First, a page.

BWCA Entry Point, Route, and Trip Report Blog

April 30 2017

Entry Point 54 - Seagull Lake

Seagull Lake entry point allows overnight paddle or motor (10 HP (except where paddle only) max). This entry point is supported by Gunflint Ranger Station near the city of Grand Marais, MN. The distance from ranger station to entry point is 50 miles. No motors (use or possession) west of Three Mile Island. Large lake with several campsites. landing at Seagull Lake. This area was affected by blowdown in 1999.

Number of Permits per Day: 11
Elevation: 1205 feet
Latitude: 48.1469
Longitude: -90.8693
Seagull Lake - 54

Who Brought a Pillow?!?!

by RainGearRight
Trip Report

Entry Date: May 27, 2011
Entry Point: Seagull Lake
Number of Days: 4
Group Size: 4

Trip Introduction:
I have been trying to get my friends together for a trip for years. I wish it could have been longer but we had a great time none the less. Base camp on Seagull.

Report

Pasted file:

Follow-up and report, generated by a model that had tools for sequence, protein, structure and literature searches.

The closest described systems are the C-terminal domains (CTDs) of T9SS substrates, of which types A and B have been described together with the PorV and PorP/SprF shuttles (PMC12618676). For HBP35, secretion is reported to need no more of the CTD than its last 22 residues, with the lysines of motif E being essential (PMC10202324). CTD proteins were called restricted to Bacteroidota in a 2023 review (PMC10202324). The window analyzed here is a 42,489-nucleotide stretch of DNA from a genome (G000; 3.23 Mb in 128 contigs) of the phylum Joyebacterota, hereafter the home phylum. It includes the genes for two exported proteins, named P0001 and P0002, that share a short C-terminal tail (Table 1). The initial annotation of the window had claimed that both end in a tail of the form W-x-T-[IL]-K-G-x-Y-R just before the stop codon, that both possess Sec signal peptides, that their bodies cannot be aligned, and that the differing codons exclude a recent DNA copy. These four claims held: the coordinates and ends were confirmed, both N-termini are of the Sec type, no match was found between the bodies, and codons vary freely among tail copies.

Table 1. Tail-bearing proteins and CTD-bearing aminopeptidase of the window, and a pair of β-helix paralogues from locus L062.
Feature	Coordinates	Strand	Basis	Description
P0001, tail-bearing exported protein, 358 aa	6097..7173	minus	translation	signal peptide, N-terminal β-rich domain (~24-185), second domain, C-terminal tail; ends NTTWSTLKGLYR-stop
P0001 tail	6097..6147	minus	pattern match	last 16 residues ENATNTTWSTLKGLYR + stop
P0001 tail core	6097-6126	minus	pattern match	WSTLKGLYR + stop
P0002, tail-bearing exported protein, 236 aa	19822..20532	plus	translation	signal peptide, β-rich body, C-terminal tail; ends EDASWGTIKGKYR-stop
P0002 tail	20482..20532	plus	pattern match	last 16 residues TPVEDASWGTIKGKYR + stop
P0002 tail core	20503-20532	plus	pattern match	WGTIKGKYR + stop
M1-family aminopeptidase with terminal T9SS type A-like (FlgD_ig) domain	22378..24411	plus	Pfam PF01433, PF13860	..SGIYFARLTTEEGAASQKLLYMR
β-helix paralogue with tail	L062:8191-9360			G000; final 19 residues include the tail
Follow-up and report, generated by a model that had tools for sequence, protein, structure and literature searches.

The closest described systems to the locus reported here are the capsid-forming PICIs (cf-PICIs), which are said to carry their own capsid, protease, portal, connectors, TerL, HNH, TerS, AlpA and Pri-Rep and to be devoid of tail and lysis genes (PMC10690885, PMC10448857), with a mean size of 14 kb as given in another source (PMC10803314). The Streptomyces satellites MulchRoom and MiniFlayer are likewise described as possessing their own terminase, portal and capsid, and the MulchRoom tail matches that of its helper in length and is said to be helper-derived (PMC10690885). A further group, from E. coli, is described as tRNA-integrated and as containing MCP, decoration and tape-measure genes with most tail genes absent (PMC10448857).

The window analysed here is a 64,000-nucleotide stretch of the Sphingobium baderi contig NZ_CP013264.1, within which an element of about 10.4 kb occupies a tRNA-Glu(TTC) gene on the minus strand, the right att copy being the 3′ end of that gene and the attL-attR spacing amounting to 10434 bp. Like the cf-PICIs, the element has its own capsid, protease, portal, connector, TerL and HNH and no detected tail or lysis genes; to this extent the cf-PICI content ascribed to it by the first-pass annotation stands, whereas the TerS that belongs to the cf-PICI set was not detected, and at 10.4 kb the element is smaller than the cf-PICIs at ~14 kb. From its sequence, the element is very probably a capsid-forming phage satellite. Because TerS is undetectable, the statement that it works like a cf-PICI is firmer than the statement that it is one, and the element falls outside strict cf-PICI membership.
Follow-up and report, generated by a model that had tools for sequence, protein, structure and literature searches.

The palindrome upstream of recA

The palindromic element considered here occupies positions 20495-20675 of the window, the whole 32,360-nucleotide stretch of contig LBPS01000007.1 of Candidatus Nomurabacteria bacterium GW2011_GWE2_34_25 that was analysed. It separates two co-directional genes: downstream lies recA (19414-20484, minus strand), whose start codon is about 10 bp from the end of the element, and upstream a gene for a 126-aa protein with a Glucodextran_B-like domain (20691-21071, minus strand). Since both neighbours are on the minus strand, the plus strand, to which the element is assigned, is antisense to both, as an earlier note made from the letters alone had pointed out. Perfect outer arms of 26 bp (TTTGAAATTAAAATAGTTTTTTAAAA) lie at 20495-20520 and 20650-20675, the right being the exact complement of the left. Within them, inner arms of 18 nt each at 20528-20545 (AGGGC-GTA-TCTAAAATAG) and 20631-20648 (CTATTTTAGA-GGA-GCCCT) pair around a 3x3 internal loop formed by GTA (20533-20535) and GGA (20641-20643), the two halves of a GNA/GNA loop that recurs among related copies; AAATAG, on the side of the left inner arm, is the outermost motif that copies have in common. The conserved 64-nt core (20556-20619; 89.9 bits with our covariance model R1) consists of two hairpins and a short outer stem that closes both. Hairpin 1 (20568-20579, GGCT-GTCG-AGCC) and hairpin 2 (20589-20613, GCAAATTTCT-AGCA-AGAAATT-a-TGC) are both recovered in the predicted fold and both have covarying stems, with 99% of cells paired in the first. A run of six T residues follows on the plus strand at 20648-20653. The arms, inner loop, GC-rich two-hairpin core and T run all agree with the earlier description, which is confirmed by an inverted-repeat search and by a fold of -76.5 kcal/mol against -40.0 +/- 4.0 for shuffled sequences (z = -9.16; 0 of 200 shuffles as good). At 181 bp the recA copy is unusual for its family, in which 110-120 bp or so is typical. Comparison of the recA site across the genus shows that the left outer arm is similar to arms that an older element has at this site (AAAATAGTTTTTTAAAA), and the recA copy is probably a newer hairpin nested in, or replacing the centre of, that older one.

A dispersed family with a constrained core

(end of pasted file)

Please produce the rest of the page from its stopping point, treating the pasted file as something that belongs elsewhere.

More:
It is pitch dark outside. The clock says one-twenty seven. Close enough. I slide out of bed as quietly as I can. Marshall, our two month old son is asleep in his bassinet next to his mother, who is also asleep. I tip toe out of the bed room and downstairs to get a pot of coffee going. I must be still asleep and dreaming because I smell coffee. Bizzle (Justin) is already sitting at my dining room table in the dark. He whispers something I couldn’t hear over my child-like scream. After a quick underwear check we shake hands and slink outside to load up his gear. He drove from Brainerd after work the night before and got to my house at 1 a.m. I’m glad he at least made coffee after letting himself in. [paragraph break]I offer him a down sleeping bag and tell him to leave the summer weight bag at home. Lights are on at my neighbor Pete’s house. He stumbles out, throws his bag in my trunk and we are on the road, after I kiss my wife and baby goodbye of course. We encountered no traffic on our way to A.B’s house, arriving there at two. We had decided to be on the road by three am so we could get on Seagull before the wind. Three turned to four as we struggled to load my Grumman and AB’s square stearn onto his pickup. They were just a bit too wide to fit together nicely. Once we got on the road we made good time up the shore. We stopped in Grand Maris just as the sun was fully above the horizion of the Great Lake for last minute items. It had been over fifteen years since I had been on the Gunflint and it felt good to be back. [paragraph break]I had trouble finding friends that were interested in any kind of boundary waters trip other than my wife and family. Don’t get me wrong, I love Di but I guy needs to get away from time to time. I had two friends back out on two separate trips over the last two years and up until we all got in the truck I had the feeling that someone was going to back out again. Not the case this time. AB had been to The BW many times with his dad growing but Bizzle and Pete were green. I would have gone with anybody at this point; I just wanted to get up there. They all proved to be great company. [paragraph break]We arrived at the Blankenburg landing around eight am. There was a light breeze from the Southwest/ West but very manageable. It took us no time to unload the boats and gear off the truck and haul it to the dock. It did, however, take some time to organize this mess of bags, rods, chairs and a five gallon collapsible water jug….full! AB wanted to have drinking water when we got to camp and since we were base camping on Seagull I said whatever. It rode in his barge. I also made the executive decision that since there were only four of us we only needed four chairs, and culled one from the group of five. While combining gear Justin yells,” Who brought a pillow?!!?!” and produced a nice cushy looking down pillow from Pete’s bag. Looking like we planned to stay all summer we shoved off and started paddling along the south side of Three Mile Island. Everything was going fine until I told Pete to switch sides. The canoe wasn’t trimmed properly and with me paddling on the left in the stern I had a hard time keeping the boat on course. It wanted to pull to the left, HARD. Every stroke was a correction. Time for a new boat. We rounded Three Mile and stopped to decide where to camp. AB said he knew a few spots over by the portage to Alpine so I said we would follow. The first couple sites were taken and we ended up taking a site on a point closer to Rog. The paddle across was uneventful but the wind was picking up as we landed the canoes. I was glad to be off the lake. Ten thirty am or so, no one brought a watch.